Drawn To The Deep End”, the bands second album 'proper', was the masterwork : at the time, despite costing £300,000 and selling half a million copies worldwide, the label saw it as a failure. (For heavens sake, those kind of sales were significant at the time, and few bands play the Albert Hall without some promise, or appeal). The first side – made of four beautiful singles that explore loss, love, life, and meaning in a gentle but powerful frame – is one of the most powerful opening salvos of any record ever made. As it stands, the tide turned with the enormous failure that was “Be Here Now”, which sank (in one indulgent 70 minute slab) every hope and dream of their peers and killed the band, and many of their contemporaries, overnight. It was no longer enough to sell well. You had to sell ridiculous. It was no longer enough to be a great band. You had to sell great numbers of units in supermarkets. This was the modern world, where selling half a million records was a failure. Which made Gene in last chance saloon, despite having crafted one of the finest records of the decade. Rossiter stepped out into his own with a unique and articulate style, the band themselves, no longer in the shadows of their influences, became masters of light and shade, power and restraint, unafraid of silence. The triple hit of “Where Are They Now?”, “Speak To Me Someone” and “We Could Be Kings” was worth more in 12 minutes than the final 12 years of Oasis lifespan. That, and “Speak To Me Someone” is the kind of timeless and powerful song that will, inevitably, be discovered for some rubbish X-Factor muse's Uberballad in a few years time. After this, the record is beefed out on disc 1 with 8 non-album songs. Disc 2 is made of 8 songs live from the band's live peak, one night at the Albert Hall, and 6 BBC Session songs of the era that give a flavour of the material both before, and after, release.

“Revelations”, released in 1999 after the Britpop ship had sunk and the icebergs melted, was the sound of defiant beauty. It is perhaps a song or two too long, but it is also the sound of a band on the ropes, punching their way to glory with defiant arrogance, and a knowledge that sits deep in the grooves that they, even if the bands commercial stature was waning and the label was made of cloth eared nincompoops trying to get Limp Bizkit on the cover of “Select”, they were a band that had a magic in a world that wouldn't listen. Singles “As Good As It Gets” and “Fill Her Up” underperformed, but closing track “You'll Never Walk Again” was their finest moment to date, and ushered in the accompanying tour with no small power. Other songs on the album - “In Love With Love”, “The British Disease”, “Love Won't Work” - were equally powerful, articulate cries against the world that perhaps was made for other people, people rich or privileged, or in some way able to feel and walk through life as if it were just simple and easy and things just happened without having to fight every step of every day.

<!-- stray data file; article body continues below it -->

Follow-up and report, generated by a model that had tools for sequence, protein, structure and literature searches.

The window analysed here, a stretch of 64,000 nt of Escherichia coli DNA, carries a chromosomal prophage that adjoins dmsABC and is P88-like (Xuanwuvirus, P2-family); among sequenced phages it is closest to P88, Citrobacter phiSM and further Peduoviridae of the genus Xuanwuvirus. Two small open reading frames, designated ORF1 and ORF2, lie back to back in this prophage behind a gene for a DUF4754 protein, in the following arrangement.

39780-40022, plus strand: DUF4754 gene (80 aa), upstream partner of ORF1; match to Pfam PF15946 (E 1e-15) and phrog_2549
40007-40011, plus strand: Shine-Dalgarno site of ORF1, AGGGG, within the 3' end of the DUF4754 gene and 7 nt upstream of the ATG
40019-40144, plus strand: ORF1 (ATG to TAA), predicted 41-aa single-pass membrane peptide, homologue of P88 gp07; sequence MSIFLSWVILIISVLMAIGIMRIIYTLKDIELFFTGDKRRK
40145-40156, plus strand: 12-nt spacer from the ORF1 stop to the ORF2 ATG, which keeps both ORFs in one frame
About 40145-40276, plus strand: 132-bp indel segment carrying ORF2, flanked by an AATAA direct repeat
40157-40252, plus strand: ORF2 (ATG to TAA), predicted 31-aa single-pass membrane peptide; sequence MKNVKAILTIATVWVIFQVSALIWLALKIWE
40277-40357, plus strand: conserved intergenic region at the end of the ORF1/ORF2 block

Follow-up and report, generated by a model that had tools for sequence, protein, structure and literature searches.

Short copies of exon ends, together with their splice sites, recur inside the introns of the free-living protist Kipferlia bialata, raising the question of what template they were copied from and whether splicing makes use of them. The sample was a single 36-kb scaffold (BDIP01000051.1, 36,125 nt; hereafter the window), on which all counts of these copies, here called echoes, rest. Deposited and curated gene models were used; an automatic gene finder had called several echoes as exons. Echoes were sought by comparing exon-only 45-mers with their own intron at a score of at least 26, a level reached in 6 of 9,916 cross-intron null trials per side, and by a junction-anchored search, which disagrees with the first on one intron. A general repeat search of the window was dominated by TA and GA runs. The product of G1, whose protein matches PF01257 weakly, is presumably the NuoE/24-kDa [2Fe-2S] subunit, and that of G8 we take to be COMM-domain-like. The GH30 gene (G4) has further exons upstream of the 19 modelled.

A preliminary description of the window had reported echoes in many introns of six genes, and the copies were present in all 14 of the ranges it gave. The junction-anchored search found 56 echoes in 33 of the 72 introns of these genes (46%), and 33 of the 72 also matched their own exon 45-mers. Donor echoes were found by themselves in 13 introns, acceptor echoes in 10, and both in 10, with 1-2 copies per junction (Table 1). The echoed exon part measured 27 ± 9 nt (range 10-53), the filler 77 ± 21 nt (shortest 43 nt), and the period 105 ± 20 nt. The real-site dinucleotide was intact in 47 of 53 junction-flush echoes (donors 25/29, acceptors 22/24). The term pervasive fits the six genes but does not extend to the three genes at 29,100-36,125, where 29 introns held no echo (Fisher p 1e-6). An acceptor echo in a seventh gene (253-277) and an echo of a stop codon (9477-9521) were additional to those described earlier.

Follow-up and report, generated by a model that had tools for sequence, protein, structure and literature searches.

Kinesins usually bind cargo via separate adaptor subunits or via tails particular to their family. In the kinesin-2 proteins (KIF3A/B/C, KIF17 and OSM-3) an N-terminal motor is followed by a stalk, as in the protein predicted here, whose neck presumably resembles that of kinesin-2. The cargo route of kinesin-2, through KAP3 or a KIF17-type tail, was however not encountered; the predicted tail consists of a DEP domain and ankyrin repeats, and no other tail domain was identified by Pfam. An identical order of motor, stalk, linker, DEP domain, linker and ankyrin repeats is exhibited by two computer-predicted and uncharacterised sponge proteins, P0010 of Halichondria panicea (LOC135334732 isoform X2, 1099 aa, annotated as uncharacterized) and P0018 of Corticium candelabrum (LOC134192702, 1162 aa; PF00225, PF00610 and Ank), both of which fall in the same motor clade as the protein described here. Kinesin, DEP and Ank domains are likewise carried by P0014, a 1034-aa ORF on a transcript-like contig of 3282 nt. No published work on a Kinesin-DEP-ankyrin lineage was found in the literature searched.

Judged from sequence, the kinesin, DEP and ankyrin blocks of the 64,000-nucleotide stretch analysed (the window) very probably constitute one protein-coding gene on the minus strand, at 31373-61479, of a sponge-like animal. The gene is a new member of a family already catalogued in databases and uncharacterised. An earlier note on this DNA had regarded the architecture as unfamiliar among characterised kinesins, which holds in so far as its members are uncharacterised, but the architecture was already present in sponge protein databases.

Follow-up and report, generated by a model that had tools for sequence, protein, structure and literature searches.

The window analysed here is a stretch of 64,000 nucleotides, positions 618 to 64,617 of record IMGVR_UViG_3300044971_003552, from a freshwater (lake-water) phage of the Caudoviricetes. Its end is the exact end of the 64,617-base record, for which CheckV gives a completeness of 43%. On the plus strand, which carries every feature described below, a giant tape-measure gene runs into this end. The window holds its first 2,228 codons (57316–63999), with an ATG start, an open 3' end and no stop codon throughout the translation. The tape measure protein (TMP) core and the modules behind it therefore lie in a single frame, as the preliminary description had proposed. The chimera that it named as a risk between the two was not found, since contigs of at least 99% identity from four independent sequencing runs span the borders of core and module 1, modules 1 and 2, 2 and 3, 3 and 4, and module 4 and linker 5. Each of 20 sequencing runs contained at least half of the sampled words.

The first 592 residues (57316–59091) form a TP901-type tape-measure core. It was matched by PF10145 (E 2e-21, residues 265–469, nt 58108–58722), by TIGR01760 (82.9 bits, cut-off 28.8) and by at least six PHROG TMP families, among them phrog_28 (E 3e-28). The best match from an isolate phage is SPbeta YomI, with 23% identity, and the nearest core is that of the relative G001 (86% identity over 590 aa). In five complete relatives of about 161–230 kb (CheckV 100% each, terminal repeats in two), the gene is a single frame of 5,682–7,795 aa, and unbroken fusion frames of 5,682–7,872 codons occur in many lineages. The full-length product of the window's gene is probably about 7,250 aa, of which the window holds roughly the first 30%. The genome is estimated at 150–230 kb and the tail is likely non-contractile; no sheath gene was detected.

The record is bookended by several b-sides, some of which are truly forgettable, a BBC session, and a live set recorded in Newcastle a year before the albums release that saw more embryonic interpretations of song before they were finalised, which are fascinating. As ever, Rossiters stagecraft is articulately witty and enjoyable on its own, let alone with the marvellous songs. Fill Her Up, indeed.

Final record in the reissues is 2001's neglected “Libertine”, self-funded, confident but audibly smaller, the band moved to a more intimate lyrical plain, with songs such as “Does He Have A Name?”, “Is It Over”, and the frankly amazing “Somewhere In The World” being amongst the best by any band, ever, anywhere, laden down the lyrics as powerful as nuclear weapons, exploring jealously, love, loss, and being left behind with an accuracy only the once heart-broken will ever recognise. In terms of unreleased material, there is little until the time the band were released from their Polydor contract, at which point the band had control of their own recordings, and thus “Libertine” is awash with the b-sides of two singles, an extra handful of songs that the band included in foreign editions of the record, and numerous demos and unreleased songs. (Sadly, the rather unusual cover version of “Back For Good” is absent, but easily available elsewhere). Since two full live shows from the era were released on DVD, it is understandable that no live material is on this release, instead favouring a plethora of unreleased material, with around 13 demos and unreleased songs as well as 10 or so absent from the original record, including the final single, the wonderful, and graceful “Let Me Move On”, that proved that even with their dying breath, Gene had more wit in one verse than other bands had in their lifetime. Is it over?

To be honest, there's little more a fan could expect given the circumstances, and the limited commercial interest and profile this band currently has, and whilst it is a musical loss that Gene were not blessed with a 30 year journey similar to obvious contenders of sometimes lesser skill but wider appeal, this is as good as it gets.


Comments:
I had some thoughts on these too, <a href="http://newamusements.blogspot.co.uk/2014/03/this-is-as-good-as-it-gets.html>here</a>, which may be of interest.